Sapa – a place every Vietnam seeker has to have been to. A place full of mysteries covered in early morning fog, vast mountains casting their shadows over deep valleys and colorful rice fields decorating the hillsides. Homeland to indigenous tribes, by the Vietnamese fondly called ‘minority people’, this place is made for those seeking earnest travel experiences and authentic encounters.
On early Friday morning we made our way from Hanoi towards the North. Sitting in a modern comfortable bus, picturesque landscapes passed in front of our eyes as the bluish grey mountain range on the horizon came closer and closer. The ride alone was such a nice experience!
After a 4.5 hour ride we eventually reached the bottom of Fansipan – Indochina’s highest mountain. The cable car took us over the mighty valley, revealing stunning views over the land’s countless rice fields, forests and rivers. Particularly in August until October the rice terraces are stunningly beautiful, with the plant revealing all of its colors.So if you decide yo come - those are the best months! Getting to the top we had to master another 15 min of walking stairs but the view we were offered on the summit was worth all the effort – standing on Indochina’s highest mountain, breathing thin air and marveling at the picturesque view: a once in a lifetime adventure that you should not miss out on on your next Vietnam journey!
Back in the valley we got on the bus again and made our way to our accommodation for the night – a home stay in the middle of a small, authentic village, a little more than 10km away from Sapa city. It's an incredibly authentic place, barely any tourists and still manifesting the traditional life - a rare good in today's travel world, but out guides know where to go! We were welcomed by the super friendly family in their house, offering us tee, snacks and fruits I had never even heard of before. We were given some time to rest and eventually called to dinner – a seemingly endless variety of vegetables, meats, sauces and salads decorated in small bowls. Eating with the locals in the middle of nowhere, learning new Vietnamese words and drinking rice wine – Jewel Tours brings authenticity to you. After many more of the small home-brewed shots we called it a night and got comfortable in our small private berths, admittedly not the coziest ones, but that’s a price I was happy to pay for such an ardent experience!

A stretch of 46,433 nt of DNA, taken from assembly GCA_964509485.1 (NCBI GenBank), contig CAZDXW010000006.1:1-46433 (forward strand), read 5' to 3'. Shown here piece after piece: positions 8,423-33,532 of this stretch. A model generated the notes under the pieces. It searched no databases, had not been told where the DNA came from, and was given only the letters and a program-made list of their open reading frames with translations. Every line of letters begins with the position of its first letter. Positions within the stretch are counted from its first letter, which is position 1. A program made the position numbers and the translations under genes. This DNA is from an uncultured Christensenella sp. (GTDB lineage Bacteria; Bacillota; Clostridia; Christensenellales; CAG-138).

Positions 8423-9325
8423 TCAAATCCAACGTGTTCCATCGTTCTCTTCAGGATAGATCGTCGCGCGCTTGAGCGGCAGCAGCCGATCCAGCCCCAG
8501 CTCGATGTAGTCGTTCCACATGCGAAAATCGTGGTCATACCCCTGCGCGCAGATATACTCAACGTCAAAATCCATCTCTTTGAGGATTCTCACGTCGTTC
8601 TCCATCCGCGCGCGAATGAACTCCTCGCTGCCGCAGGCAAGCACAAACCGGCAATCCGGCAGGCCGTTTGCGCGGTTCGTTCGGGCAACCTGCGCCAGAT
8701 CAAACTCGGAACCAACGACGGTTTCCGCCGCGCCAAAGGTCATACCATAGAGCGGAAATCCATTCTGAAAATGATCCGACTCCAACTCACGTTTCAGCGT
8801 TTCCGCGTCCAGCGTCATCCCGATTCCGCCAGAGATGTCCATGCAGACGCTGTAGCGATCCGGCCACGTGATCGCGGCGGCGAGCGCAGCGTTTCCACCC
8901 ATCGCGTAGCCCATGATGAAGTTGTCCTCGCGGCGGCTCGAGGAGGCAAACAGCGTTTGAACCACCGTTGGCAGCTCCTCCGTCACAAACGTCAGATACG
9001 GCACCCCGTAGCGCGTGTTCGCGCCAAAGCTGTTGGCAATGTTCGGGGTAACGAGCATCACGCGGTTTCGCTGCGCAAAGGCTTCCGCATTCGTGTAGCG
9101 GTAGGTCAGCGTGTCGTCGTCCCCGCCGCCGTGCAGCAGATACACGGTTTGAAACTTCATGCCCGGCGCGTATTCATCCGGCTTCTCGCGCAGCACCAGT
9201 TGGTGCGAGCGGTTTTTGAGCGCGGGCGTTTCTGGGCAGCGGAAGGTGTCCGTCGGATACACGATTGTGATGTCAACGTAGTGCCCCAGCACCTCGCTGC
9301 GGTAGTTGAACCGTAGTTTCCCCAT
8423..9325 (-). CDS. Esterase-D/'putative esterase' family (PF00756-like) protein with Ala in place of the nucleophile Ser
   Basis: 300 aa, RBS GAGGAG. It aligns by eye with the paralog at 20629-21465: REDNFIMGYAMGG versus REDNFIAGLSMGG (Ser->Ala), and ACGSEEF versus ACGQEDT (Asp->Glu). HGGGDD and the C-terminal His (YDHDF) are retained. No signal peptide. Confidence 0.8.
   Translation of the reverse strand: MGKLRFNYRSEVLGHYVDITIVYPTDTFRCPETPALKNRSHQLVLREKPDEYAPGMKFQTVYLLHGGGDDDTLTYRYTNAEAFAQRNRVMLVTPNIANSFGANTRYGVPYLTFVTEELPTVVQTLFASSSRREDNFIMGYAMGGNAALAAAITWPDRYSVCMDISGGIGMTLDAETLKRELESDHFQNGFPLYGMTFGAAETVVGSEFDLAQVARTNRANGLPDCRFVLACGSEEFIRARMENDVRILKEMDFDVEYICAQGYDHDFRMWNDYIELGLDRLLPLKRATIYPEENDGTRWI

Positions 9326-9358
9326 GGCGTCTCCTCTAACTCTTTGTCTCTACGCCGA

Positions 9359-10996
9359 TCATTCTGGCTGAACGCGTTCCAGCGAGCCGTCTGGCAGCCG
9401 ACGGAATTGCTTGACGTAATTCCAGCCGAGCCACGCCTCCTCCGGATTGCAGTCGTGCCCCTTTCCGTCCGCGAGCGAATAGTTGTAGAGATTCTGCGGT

Next morning, 6 a.m., cocks crowing, kids shrieking – time to get up and go for a walk along the peaceful hilly rice fields, watching the local women working in their traditional robes and the kids taking the water buffaloes for a walk. Equipped with a camera you can take amazing pictures here! You can walk as deep into the fields as you like, balance on the narrow paths, wade the mud and even try planting rice yourself! Covered in mud we came back and took a bath in the river across the cottage to then enjoy a marvelous little breakfast on the terrace of the house.
After some time to rest we headed out for our daytime adventure – getting to know more of the mountainous, colorfully shining countryside on a bus ride with our local experts. The next 4 hours we spent driving up and down the little roads, stopping for picture breaks but not once being able to take our eyes off the picturesque rice terraces around us. Jewel Tours helps you communicate with the locals, make you understand their lives and let you try their organic food. Throughout the entire afternoon our crazy little (but incredibly friendly) tour guide supplied us with interesting information and some stories about the local life here – Hung really knows how to entertain and educate those who want to learn about the culture!